Right Field – Juan Rivera was signed as an amateur free agent in 1996 and quickly climbed the organizational ladder and made his Yankee debut in 2001. After several brief promotions, he was ranked by Baseball America as the Yankees’ best prospect prior to the 2003 season. In a reserve role, Rivera hit .266 with seven homers. After the 2003 season, the outfielder was included in the deal that brought Javier Vazquez to New York. With the Expos, Rivera blossomed in to a terrific player, hitting .307 while getting regular playing time in the outfield. He was traded to the Angels the following season, where he still remains. Rivera has posted a .284 and 77 homers in 471 games with the Angels. He’ll enter 2010 as a starting outfielder for the club.

Starting Pitcher – Eric Milton was a first-round draft pick by the Yankees in 1996. He went on to post a 14-6 record and a 3.11 ERA in his first full minor league season before getting traded to the Twins in the Knoblauch trade. Milton went 57-51 with a 4.76 in six seasons with Minnesota before getting traded to the Phillies for Nick Punto and Carlos Silva. The left-handed had a decent season with Philadelphia and signed with the Reds, where he proceeded to struggle with injuries and control. He reappeared with the Dodgers in 2009 and posted a 3.80 ERA in 23.2 innings. His season was cut short after undergoing back surgery in July.

Starting Pitcher РZach Day was drafted by the Yankees in 1996 and went 30-24 with a  2.53 ERA in his first five minor league seasons. He never managed to pitch for the big league club and was sent to the Indians in the David Justice trade, along with Ledee and Jake Westbrook. Day was later traded to the Expos and settled into the pitching staff. From 2002-2004, Day went 18-19 with a 4.01 ERA in 66 games for Montreal. Halfway through the 2005 season, the right-hander was traded to the Rockies for Preston Wilson. After that, he bounced around the minors for several seasons until ultimately retiring in 2008.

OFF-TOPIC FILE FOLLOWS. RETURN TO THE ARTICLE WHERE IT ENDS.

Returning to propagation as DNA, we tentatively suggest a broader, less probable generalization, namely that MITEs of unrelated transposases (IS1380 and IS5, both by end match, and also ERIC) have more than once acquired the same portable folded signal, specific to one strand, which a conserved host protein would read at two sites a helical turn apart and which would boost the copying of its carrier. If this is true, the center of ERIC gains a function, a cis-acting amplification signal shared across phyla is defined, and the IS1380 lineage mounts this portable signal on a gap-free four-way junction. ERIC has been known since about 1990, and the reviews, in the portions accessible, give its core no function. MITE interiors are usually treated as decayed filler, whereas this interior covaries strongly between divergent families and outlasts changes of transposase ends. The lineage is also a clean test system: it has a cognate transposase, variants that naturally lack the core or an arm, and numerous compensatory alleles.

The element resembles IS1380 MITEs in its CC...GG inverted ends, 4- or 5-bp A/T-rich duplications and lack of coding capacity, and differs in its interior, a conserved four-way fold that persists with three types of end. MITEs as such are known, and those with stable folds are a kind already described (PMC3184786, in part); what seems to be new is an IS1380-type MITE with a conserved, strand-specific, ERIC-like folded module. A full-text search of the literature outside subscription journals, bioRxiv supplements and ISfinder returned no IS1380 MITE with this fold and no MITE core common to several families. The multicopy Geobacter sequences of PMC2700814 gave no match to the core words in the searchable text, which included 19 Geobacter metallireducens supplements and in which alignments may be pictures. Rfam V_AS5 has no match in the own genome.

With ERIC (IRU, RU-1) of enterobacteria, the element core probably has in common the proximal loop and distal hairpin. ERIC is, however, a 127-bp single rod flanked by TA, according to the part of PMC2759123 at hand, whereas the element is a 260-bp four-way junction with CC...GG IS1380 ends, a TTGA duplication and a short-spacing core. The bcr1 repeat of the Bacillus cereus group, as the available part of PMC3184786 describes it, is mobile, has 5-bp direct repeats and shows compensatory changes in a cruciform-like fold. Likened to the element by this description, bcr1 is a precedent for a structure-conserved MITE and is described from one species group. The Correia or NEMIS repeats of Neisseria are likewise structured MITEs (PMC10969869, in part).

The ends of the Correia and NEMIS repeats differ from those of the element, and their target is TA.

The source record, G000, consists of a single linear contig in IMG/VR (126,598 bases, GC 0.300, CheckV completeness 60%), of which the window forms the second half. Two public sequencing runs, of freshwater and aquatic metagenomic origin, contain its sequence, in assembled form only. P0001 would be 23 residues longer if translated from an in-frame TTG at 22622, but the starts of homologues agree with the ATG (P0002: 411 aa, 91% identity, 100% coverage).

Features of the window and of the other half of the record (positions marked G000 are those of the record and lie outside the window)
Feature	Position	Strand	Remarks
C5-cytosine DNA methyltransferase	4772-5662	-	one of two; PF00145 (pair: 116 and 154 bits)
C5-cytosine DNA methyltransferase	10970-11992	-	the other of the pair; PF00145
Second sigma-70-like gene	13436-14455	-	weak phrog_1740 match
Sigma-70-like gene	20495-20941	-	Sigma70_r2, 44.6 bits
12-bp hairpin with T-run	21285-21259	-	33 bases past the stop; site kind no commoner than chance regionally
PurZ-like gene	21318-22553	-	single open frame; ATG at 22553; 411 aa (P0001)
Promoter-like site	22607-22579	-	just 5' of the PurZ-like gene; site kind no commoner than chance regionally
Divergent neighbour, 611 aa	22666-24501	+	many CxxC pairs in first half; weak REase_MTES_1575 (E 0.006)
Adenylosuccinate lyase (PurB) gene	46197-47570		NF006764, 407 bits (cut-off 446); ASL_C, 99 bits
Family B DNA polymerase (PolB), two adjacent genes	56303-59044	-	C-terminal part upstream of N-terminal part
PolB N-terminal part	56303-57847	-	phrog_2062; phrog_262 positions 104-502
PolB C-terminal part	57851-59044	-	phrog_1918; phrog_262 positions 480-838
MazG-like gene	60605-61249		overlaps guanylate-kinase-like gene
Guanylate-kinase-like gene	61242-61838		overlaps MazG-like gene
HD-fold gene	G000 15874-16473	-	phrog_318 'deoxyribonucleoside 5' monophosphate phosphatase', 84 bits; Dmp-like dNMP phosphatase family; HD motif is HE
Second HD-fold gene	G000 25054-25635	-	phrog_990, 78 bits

Reliever – Randy Choate was drafted by the Yankees in 1997 and displayed enough promise in the minors to receive a promotion in 2000. He posted a 4.76 ERA in 17 innings that season. He performed even better the next season, going 3-1 with a 3.35 ERA in 48 innings. After that, Choate struggled and was eventually traded to the Expos. He was flipped to the Diamondbacks and posted average numbers. He continued to struggle with consistency in the next few seasons and spent all of 2008 in the minors. He emerged with the Rays in 2009 and posted a 3.47 ERA in 36 innings. He is currently on the Rays’ 40-man roster.

So what did this list teach us? The Yankees could have drafted a lot better over the past two decades, but they were pretty smart when it came to trading their own players. Aside from the Mike Lowell and Juan Rivera/Randy Choate trades, the Yankees seemed to get the upper hand on many of their deals. We also learned that the Yankees were pretty bad at drafting center fielders, first baseman and pitchers.

I wonder what the Yankees would have looked like in 2010 if they never traded any of these players? Perhaps something like this:

  • Catchers: Jorge Posada, Dioner Navarro
  • Infielders: Nick Johnson, Robinson Cano, Derek Jeter, Mike Lowell, Christian Guzman, Fernando Seguignol
  • Outfielders: Alfonso Soriano, Juan Rivera, Marcus Thames, Melky Cabrera, Brett Gardner
  • Starting Pitchers: Andy Pettitte, Joba Chamberlain, Eric Milton, Phil Hughes, Brad Halsey, Jeff Karstens.
  • Bullpen: Mariano Rivera, David Robertson, Randy Choate, Zach Day, Russ Springer, Tyler Clippard.

That would not be a terrible team, provided Mike Lowell, Alfonso Soriano and Eric Milton were healthy and performing  well.

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2 Responses to Products of the Yankee Farm

  1. I always thought that Zach Day was the one traded for David Cone, turns out I was thinking of Marty Janzen.

    That all prospects team wouldn't be so good. Mostly because their rotation sucks. Wouldn't Chien-Ming Wang be on that list though?

  2. Jeffrey says:

    Young player selection and development is one area where I think the current management is getting a free pass from the fans and from ownership. Right now by most objective measures the Yankees farm system is in the bottom third (or less) in a ranking of all systems while the arch rival Red Sox are one of the top five at least. So you cannot use the draft order as an excuse.

    This is a huge advantage for the Red Sox which will be exploited in the next year or so to either bring up impact players or to trade for them while the Yankees will have to continue to outspend them to stay even.